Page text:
Duke Nukem has finally returned from the graces of the mid-1990s timeline giving the overly caustic delayed development a final close and a newer product on gaming shelves today. Unfortunately, the long-awaited return of an icon has sadly faltered with no bounds to save it from the graces of over-hyped testosterone, one-line movie quote wonders, beautiful references to girls, and what Duke Nukem does best: decimating alien life forms. While Duke Nukem Forever provides a level of mediocre gameplay and semi-decent design in terms of the pacing between the shooting and the transitional sequences of the game itself, it all transforms to one of the biggest tragedy examples of a video game after a point in time due to the repetitive structure of the consequential differences between what truly makes an icon himself, and what makes a former-icon feel antediluvian in machismo and persona until his very death on the screen.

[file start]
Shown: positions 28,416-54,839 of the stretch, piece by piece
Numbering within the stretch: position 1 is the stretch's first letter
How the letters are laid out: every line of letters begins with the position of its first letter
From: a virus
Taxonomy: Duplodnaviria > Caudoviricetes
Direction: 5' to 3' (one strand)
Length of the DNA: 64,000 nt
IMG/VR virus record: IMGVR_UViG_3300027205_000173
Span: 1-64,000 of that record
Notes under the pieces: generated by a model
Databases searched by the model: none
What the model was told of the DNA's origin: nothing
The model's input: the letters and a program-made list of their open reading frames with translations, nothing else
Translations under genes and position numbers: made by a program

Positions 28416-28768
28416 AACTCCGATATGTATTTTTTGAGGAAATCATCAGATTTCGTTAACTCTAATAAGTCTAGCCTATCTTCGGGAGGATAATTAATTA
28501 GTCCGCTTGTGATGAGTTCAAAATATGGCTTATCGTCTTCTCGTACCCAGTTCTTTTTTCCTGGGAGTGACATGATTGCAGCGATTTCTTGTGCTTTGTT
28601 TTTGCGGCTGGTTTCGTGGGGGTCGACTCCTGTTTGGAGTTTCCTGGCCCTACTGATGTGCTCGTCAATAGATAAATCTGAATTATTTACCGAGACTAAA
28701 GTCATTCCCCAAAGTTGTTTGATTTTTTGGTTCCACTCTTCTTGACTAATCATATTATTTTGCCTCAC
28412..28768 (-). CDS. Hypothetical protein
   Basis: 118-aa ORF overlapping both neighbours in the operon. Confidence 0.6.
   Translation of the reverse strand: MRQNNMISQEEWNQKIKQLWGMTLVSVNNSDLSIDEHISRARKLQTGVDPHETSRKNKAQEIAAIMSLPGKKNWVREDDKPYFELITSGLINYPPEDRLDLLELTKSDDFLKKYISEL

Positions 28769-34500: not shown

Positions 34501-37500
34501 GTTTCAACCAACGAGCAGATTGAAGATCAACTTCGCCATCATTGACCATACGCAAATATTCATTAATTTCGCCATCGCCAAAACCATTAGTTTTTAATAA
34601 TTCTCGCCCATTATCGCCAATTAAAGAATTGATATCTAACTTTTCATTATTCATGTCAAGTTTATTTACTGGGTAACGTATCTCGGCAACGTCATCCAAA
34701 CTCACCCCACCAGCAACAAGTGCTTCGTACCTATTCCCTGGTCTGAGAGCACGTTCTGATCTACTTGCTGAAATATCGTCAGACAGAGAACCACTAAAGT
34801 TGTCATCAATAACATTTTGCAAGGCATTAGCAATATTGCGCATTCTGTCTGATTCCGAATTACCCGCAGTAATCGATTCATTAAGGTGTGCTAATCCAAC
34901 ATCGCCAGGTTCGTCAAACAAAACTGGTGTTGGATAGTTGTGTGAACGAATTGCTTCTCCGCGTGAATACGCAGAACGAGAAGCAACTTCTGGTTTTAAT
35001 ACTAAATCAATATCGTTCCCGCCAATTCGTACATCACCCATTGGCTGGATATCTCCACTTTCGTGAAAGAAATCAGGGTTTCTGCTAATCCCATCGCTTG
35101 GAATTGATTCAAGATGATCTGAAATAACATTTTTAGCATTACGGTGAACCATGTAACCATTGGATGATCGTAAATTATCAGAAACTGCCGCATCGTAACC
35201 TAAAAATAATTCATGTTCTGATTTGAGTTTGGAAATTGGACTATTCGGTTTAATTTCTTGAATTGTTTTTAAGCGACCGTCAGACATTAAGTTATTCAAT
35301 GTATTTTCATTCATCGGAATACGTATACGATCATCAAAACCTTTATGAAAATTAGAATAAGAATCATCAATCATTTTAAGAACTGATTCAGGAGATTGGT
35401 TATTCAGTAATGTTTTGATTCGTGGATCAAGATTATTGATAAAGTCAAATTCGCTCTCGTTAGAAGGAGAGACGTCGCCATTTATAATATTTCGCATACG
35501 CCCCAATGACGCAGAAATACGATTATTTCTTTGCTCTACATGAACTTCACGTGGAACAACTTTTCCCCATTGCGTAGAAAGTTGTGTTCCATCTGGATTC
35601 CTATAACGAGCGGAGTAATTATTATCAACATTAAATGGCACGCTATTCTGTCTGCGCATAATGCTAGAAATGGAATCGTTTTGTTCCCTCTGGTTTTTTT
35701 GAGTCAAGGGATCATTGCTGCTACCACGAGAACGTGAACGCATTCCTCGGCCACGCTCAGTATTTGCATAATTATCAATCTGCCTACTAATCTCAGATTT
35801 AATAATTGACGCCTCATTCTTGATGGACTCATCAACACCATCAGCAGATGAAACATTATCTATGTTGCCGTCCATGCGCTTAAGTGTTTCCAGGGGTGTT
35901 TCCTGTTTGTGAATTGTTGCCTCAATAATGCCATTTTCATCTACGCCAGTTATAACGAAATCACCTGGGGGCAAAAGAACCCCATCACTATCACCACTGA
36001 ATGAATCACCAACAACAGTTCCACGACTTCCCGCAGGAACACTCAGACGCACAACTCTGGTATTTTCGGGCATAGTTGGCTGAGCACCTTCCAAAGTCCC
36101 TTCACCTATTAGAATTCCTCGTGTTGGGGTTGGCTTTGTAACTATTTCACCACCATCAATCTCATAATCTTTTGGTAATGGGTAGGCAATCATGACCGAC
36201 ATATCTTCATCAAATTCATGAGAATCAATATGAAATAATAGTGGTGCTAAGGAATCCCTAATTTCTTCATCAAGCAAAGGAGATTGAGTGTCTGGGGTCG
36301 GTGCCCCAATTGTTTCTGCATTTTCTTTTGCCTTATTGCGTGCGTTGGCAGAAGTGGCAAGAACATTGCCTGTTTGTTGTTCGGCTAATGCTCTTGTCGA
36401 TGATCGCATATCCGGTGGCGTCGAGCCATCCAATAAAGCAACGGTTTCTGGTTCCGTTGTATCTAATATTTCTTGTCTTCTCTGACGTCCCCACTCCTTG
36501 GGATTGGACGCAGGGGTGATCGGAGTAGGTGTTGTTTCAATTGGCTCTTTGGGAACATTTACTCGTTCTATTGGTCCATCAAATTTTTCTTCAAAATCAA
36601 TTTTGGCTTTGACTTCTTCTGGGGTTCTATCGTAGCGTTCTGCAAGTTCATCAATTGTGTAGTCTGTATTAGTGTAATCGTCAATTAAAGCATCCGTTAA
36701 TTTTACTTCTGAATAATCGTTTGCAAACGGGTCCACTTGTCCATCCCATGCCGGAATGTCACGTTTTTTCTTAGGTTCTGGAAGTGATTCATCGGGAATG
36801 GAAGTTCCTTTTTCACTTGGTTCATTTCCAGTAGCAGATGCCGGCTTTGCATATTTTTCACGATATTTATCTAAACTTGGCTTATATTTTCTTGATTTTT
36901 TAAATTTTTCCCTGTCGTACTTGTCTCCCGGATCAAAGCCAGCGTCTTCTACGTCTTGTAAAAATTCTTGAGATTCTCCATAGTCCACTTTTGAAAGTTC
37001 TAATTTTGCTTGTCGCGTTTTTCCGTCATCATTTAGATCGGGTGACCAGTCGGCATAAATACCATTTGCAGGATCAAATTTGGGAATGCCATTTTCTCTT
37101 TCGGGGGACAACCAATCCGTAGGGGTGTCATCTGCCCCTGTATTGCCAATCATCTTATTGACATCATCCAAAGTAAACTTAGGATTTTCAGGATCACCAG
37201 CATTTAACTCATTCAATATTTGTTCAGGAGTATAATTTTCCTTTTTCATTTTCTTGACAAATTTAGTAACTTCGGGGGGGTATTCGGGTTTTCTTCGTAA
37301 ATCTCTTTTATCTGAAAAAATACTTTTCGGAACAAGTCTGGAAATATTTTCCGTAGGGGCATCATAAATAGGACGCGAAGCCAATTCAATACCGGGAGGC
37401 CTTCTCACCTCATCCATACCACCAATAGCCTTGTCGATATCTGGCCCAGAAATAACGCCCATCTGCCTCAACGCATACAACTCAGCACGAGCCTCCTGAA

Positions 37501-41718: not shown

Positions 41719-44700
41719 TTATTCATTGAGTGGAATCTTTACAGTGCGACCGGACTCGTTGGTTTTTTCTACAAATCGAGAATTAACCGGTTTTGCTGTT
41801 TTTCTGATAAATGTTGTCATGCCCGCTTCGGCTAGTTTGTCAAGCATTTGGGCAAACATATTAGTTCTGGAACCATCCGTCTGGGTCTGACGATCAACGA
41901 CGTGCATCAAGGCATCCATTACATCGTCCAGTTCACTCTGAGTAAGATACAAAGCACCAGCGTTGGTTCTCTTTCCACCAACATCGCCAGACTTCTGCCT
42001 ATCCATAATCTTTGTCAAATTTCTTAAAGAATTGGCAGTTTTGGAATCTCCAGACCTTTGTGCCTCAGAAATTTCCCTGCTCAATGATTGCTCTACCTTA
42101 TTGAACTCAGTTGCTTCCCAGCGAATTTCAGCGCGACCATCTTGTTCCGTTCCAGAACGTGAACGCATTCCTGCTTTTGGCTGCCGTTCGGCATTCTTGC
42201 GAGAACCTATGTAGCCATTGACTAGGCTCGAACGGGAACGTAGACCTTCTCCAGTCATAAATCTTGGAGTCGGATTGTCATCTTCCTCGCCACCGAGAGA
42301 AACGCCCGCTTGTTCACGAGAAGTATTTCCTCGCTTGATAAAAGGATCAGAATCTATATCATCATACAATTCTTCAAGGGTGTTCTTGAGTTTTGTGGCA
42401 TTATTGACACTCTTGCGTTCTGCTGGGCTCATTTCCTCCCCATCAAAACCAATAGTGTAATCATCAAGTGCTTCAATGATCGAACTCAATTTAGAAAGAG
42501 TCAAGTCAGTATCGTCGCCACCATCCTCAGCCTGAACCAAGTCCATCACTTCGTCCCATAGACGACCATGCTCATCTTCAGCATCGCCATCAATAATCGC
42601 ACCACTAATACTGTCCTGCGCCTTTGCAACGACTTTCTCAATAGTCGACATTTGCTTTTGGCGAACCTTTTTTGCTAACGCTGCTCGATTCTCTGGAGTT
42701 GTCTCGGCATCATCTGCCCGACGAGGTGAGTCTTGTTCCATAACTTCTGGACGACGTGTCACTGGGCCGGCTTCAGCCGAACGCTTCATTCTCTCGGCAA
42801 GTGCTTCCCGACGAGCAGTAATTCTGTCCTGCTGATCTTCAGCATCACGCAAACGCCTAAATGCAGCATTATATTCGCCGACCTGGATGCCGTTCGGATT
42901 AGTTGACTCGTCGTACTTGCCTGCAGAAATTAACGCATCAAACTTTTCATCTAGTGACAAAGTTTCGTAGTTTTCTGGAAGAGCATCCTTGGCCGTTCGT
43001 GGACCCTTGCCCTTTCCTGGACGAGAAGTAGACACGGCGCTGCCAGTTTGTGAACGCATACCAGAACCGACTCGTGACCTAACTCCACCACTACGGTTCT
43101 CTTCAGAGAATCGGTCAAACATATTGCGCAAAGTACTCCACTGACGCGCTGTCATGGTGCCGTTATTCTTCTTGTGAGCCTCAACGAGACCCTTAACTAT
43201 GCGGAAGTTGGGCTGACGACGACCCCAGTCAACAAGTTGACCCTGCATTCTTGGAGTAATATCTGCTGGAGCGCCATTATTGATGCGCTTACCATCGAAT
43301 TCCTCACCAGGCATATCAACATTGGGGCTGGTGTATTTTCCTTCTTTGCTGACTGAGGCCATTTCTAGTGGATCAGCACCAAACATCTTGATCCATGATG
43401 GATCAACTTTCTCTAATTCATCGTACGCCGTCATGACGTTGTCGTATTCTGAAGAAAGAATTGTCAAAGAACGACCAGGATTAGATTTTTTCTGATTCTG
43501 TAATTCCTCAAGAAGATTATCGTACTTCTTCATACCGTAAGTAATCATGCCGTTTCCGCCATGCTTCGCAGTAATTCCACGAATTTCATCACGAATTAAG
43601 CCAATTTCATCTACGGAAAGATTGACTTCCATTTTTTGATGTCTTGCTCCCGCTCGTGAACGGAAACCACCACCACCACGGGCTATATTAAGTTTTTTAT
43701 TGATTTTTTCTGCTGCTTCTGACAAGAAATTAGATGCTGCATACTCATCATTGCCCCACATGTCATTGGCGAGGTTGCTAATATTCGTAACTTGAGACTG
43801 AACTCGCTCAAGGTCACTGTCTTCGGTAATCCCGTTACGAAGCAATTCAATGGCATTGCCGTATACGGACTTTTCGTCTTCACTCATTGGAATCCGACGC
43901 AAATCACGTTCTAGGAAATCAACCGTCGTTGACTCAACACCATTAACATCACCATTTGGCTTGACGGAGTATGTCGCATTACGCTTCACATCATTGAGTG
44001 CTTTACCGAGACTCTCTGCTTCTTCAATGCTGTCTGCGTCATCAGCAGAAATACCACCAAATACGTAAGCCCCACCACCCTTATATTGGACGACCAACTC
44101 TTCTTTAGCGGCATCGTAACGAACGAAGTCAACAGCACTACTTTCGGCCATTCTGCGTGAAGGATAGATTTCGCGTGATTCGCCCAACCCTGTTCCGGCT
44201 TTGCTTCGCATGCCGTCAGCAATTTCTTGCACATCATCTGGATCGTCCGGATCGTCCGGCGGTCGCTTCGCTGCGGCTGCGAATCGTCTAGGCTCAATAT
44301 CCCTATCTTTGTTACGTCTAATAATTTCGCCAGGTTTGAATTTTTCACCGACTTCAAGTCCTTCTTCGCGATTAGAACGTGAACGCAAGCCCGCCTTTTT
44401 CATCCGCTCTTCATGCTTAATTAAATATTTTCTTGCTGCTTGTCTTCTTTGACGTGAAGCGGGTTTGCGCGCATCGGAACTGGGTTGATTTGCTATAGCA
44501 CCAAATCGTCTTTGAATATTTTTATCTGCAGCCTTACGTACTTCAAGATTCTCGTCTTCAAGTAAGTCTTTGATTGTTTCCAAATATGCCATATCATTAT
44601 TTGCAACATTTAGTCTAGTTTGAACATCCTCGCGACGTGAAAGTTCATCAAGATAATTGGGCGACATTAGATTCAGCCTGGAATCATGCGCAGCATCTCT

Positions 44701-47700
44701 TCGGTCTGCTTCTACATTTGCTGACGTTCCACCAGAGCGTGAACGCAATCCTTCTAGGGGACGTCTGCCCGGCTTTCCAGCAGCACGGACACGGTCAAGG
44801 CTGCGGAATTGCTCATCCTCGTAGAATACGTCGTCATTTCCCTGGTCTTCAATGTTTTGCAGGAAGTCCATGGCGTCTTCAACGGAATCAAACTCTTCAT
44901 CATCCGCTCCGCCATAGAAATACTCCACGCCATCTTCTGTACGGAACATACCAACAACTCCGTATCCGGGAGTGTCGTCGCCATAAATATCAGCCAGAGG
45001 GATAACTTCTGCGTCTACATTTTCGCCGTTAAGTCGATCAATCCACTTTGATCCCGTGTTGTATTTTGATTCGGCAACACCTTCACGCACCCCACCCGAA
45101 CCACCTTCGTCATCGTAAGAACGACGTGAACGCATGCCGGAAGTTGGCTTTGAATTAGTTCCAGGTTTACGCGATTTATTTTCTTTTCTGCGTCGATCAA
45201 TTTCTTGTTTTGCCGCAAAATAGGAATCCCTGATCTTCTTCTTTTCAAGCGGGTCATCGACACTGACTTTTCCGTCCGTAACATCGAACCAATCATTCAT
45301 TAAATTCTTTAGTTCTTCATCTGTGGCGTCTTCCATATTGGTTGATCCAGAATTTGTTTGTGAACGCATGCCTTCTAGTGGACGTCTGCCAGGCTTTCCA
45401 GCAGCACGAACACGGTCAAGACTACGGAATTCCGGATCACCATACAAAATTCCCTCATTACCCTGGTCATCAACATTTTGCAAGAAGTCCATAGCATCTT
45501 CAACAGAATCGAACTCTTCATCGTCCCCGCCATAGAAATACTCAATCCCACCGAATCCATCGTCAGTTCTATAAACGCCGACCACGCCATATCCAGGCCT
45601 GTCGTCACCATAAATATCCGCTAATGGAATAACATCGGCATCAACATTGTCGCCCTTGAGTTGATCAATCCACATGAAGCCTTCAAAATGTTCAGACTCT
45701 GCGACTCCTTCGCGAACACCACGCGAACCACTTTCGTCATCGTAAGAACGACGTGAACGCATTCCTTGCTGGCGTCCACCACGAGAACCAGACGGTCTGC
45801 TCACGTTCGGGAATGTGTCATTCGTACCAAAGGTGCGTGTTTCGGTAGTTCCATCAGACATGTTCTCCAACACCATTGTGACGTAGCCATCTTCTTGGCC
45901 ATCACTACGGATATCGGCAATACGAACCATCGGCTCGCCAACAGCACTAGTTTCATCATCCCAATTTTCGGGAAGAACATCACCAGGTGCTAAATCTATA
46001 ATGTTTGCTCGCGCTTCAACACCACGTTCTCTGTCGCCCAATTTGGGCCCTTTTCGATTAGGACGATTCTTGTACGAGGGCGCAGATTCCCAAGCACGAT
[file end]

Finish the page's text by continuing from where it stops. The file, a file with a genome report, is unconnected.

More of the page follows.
The gameplay journey starts off Duke Nukem Forever with a simple memoir: killing aliens that are threatening to invade. The only savior becomes a vulgar and yet charismatic character in Duke Nukem that will bring about the safety of the planet and the utter embarrassing destruction of the incoming threat. Duke Nukem Forever utilizes the level of thematic stance which is purely classical: a hero returns and has not felt the grasp of time. The shooting rail sequences provide a fair level of fun in terms of the various weapons that are to be used to kill aliens. With his fists and an entire arsenal of creative guns, Duke Nukem can destroy the threat with a variety of powers ranging from shrink rays to point blank shotgun action. There is a constant storyline humor to Duke Nukem which fans of the series since the MS-DOS days will appreciate, but there is also the lack of a true joining experience that makes for a fun display of a 90’s icon returning. The gameplay plays just as soon as the storyline starts, with no true exposition or development of someone who has been gone for over 12 years. The bosses themselves are fairly challenging, but there is a constant repetitive nature of taking them down: shooting directly at them with no real challenges. This sort of format is definitely more than disappointing for a title that has been in development since 1997 to 2008 with on/off repeated delays.
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